Garba Raas & Basmati Raas: A Brief History

logo.gifThe Garba Raas team at Stanford began in 2002, when a group of students led by Aalap Jani and Nirali Vora decided to take their dance moves to the next level. Having performed Garba Raas dances for Stanford's annual Indian cultural show for a few years, they were ready to take part in the West Coast's premier competition, Garba With Attitude. The rest is history, as Stanford's Basmati Raas (a pun involving the common Indian type of rice known as "Basmati Rice") has placed at a major competition every year for the past 5 years and has participated in the Best of the Best for three out of the four years this championship competition has been in existence. The reason for the success has been simple. By combining the traditional moves of Gujurat with contemporary dance forms under the veil of a complex storyline that is furthered by colorful costumes and intricate props, Basmati Raas tells an unforgettable story on stage every year.

 

The origins of the dance, itself, take us back many years and to the northwestern state of Gujarat. “Garba Raas” actually refers to two different, yet similar dance forms that are traditionally performed during the Hindu festival of Navratri, which literally means “nine nights.” During this festival, the dances are performed nightly in the worship of Hindu goddesses. During this holiday, up to tens of thousands of people come together in large fields or temples and dance together to celebrate the occasion, showing their respect for God and having fun with friends and family.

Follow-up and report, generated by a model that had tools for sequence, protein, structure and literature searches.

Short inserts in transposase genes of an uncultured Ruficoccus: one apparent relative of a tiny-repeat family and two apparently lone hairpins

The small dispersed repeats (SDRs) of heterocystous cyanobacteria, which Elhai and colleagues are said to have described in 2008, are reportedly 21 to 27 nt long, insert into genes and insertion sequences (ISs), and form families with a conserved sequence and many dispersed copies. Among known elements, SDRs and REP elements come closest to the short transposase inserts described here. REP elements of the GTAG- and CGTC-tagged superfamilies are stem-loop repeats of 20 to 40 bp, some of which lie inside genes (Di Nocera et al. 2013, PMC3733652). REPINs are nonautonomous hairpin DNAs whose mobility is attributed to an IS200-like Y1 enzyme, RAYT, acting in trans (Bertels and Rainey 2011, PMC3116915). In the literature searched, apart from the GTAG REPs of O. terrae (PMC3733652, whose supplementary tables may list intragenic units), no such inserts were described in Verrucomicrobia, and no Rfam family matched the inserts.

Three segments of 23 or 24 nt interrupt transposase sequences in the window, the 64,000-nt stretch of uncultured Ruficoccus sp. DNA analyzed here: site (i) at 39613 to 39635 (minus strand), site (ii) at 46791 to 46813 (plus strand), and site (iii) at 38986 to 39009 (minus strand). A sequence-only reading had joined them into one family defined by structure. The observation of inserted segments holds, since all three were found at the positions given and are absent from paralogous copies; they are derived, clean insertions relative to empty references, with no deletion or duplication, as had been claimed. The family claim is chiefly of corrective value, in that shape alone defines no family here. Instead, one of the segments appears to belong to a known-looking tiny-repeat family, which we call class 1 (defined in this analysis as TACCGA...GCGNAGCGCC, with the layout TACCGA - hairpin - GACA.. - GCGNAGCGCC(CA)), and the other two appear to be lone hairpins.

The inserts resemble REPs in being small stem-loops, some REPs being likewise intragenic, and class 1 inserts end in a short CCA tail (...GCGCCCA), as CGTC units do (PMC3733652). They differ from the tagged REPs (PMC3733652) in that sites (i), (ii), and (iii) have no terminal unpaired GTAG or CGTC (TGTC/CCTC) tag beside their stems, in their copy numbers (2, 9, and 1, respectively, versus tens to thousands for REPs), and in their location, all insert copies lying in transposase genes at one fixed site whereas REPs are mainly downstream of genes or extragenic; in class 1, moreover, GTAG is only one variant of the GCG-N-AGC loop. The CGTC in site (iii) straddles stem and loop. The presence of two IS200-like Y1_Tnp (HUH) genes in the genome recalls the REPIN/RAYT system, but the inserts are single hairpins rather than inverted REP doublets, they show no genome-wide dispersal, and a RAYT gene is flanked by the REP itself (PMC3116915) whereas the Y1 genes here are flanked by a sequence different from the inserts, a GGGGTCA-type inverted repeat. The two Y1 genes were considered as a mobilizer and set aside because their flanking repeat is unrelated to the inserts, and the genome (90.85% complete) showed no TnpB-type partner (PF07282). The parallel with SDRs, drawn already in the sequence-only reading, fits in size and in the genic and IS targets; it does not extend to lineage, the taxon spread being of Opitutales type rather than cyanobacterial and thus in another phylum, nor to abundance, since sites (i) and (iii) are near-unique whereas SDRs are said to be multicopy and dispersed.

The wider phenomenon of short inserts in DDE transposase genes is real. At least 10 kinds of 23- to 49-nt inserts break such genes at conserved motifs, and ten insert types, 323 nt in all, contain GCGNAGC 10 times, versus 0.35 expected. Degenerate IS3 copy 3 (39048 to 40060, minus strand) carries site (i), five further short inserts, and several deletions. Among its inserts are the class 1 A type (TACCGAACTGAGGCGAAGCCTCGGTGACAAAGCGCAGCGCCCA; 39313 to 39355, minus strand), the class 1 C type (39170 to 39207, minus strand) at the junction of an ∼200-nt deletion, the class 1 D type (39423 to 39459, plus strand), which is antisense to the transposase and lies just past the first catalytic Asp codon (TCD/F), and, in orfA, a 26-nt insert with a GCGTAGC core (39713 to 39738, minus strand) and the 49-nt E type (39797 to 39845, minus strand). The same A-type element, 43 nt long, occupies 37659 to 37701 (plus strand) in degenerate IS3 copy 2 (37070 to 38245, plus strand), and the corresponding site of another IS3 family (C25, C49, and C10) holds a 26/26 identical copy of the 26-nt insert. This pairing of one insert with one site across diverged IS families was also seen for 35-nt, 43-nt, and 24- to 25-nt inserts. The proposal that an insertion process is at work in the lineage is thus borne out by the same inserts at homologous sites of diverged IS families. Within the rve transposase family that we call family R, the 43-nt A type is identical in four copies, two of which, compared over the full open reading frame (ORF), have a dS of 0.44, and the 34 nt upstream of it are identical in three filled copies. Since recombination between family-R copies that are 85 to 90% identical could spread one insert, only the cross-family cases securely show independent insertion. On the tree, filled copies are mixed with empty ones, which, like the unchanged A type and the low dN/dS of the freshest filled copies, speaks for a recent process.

The word “Garba” originates from the word “garbo,” which is an earthen pot with holes and a small candle inside. During Navratri, a garbo is placed in the center of the dancing area along with idols of goddesses, and people dance around it in concentric circles. The pot itself symbolizes the universe, while the light inside represents God, which is the center of the universe, and by dancing around the pot and idols, the dancers symbolize that God is also the center of their lives. The circle formation itself also has additional significance. The circle formed by dancers represents the cycle of life and its never-ending nature, tenets of the Hindu belief of reincarnation. The dance form of Garba is characterized by its fluidity, grace, flexibility, and synchronous clapping of hands to supplement the music.  

krishna Raas, with similar elements to Garba, is different due to its use of dandiya (dancing sticks) that are twirled, tossed, and thrown in elaborate choreography. It has similar roots as it is also performed at Navratri, but also has deeper significance as it is representative of Lord Krishna, who was said to perform the dance with village girls, or gopis, to please them. While each gopi believed that Krishna was dancing with her alone, he was actually dancing with all of them as he is a metaphor for the omnipresent God, supporting the central Hindu principle that God exists within anything and everything in this world.

Although the dance has traditional and religious underpinnings, the dance form has evolved and become very popular in America as an event during religious/cultural holidays but as well as weddings and other social occasions. Furthermore, the Indian diaspora in America has contemporized the dance into a competitive form for college students. The beauty of competitive Garba Raas is found in the challenge of retaining and mastering the graceful intricacies of the dance form while also displaying energy and passion, making the performance a crowd-pleaser. And it is to this end, Basmati Raas takes the core elements of the folk dance and fuses it with elaborate and energetic choreography making the dance extremely up-beat, fun to watch, and even more enjoyable to perform.